However, in all likelihood, it might just make more sense to hold onto the long-time Red Wing for the remainder of the season. For as much as the Syracuse, NY, native has done for the franchise, a late round pick won’t be worth it to end ties this way. Simply put, only pull the trigger on an offer too good to refuse (second/third round pick). If not, there’s nothing wrong with holding onto Howard and figuring out his future in the offseason.
As for other pending free agents, the returns will likely be minimal as well. On Daley, any semblance of an offer, in all honesty, will be too good to refuse. Playoff experience is the only thing going for him in terms of trade value. Yzerman would be foolish to hang on to the 36-year-old if he doesn’t have too.
Jonathan Ericsson and Alex Biega shouldn’t garner much attention. Maybe Madison Bowey gets some interest for his decent scoring rate. Picking up any sort of decent return on any of those three would do Yzerman well on the grading scale.
C – Worst case scenario
Staying pat and making no moves (primarily holding onto Green) would be the worst case scenario for the Red Wings.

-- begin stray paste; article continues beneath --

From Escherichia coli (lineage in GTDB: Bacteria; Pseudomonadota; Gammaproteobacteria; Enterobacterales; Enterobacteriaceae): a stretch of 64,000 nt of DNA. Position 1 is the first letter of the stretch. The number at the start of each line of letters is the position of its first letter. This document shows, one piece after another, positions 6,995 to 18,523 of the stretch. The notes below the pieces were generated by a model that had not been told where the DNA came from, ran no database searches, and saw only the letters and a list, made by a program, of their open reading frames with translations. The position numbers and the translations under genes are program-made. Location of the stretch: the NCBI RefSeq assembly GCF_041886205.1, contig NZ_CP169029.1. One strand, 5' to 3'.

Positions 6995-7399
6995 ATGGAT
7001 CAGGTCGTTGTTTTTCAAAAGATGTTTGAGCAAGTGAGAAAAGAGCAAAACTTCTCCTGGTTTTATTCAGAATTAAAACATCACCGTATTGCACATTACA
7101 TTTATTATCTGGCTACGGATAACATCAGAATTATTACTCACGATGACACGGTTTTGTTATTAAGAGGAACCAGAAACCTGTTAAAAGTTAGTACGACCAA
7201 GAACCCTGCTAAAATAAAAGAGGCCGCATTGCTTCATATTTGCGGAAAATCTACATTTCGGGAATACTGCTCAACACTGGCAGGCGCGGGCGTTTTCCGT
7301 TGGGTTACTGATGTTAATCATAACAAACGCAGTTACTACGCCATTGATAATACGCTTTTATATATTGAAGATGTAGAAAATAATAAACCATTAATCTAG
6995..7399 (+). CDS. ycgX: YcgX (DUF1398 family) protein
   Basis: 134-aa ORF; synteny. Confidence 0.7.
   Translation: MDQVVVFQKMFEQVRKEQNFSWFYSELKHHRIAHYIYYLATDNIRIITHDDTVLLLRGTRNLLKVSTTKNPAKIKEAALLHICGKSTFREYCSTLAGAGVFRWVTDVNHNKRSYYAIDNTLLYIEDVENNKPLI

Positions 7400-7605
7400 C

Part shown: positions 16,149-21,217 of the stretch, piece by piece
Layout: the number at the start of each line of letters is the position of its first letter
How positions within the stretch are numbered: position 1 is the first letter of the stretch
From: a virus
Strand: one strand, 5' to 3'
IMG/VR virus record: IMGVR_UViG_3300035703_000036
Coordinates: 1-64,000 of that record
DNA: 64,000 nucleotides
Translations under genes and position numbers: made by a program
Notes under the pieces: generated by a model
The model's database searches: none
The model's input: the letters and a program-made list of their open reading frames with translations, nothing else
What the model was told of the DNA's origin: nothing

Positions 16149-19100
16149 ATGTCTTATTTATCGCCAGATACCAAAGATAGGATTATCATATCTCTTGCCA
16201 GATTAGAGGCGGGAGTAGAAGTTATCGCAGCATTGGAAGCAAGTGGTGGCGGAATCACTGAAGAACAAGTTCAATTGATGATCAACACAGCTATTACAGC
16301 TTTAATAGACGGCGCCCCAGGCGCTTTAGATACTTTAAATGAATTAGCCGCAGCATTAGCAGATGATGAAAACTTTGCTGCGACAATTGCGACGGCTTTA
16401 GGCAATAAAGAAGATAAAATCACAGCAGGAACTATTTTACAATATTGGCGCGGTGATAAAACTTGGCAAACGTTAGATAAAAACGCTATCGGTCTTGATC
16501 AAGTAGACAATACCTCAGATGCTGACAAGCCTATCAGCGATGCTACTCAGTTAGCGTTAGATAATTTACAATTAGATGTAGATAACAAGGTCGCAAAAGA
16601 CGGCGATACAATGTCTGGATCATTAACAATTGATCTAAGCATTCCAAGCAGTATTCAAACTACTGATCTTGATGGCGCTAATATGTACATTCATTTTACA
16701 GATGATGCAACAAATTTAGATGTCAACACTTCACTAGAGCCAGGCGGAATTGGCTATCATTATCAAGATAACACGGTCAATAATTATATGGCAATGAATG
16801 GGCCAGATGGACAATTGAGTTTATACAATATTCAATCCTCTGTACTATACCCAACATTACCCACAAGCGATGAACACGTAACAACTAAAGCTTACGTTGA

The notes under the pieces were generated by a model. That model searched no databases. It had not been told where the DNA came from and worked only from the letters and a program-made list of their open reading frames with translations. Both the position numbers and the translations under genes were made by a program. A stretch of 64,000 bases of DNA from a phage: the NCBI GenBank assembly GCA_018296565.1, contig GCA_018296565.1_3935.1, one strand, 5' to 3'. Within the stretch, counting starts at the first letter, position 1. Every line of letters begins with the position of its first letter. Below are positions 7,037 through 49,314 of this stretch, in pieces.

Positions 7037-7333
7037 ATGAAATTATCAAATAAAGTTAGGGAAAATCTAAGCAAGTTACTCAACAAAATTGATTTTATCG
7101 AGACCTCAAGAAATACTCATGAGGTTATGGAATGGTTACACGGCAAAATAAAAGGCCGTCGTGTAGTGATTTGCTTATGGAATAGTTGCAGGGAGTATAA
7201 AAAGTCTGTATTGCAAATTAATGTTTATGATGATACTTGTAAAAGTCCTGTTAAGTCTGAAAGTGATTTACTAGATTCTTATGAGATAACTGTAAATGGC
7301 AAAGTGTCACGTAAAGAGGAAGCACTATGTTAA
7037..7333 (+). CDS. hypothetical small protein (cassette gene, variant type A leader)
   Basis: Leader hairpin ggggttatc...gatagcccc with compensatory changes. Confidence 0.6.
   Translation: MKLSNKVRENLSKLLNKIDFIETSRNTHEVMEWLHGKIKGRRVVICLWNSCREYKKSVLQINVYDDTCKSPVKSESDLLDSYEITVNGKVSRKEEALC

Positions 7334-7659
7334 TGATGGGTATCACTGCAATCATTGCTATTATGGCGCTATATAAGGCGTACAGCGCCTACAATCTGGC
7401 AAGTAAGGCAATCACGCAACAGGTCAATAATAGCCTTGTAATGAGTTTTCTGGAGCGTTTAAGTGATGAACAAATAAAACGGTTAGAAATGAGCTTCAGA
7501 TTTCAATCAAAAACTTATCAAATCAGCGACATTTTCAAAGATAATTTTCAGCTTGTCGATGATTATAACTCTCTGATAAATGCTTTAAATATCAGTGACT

Luckily for Detroit fans, worst case scenario isn’t all that bad. Yes, ideally you would like to see some moves made to add promising assets, be it in the form of draft picks or prospects. Hitting on the that previously mentioned Larkin-Mantha prime window is very important, but even a middle ground result won’t have that much real impact.
With basically all of Detroit’s rentals up for grabs having limited value on the trade market, staying pat would only cost them a couple of scratch off lottery tickets. If the 2017 Draft taught us anything, missing out on a few kicks at the can isn’t the end of the world. Really, the draft becomes a crap shoot after the first round. Yes, it would be smart to obtain those extra picks/prospects, but holding on to the likes of Green and Howard wouldn’t be a death sentence.
All in all, there isn’t really an outcome where Detroit can lose, at least not with any substantial impact. With that said, this is also a prime opportunity to fast track the rebuild. So while the Red Wings can afford to lose, they can’t exactly afford to not win, either.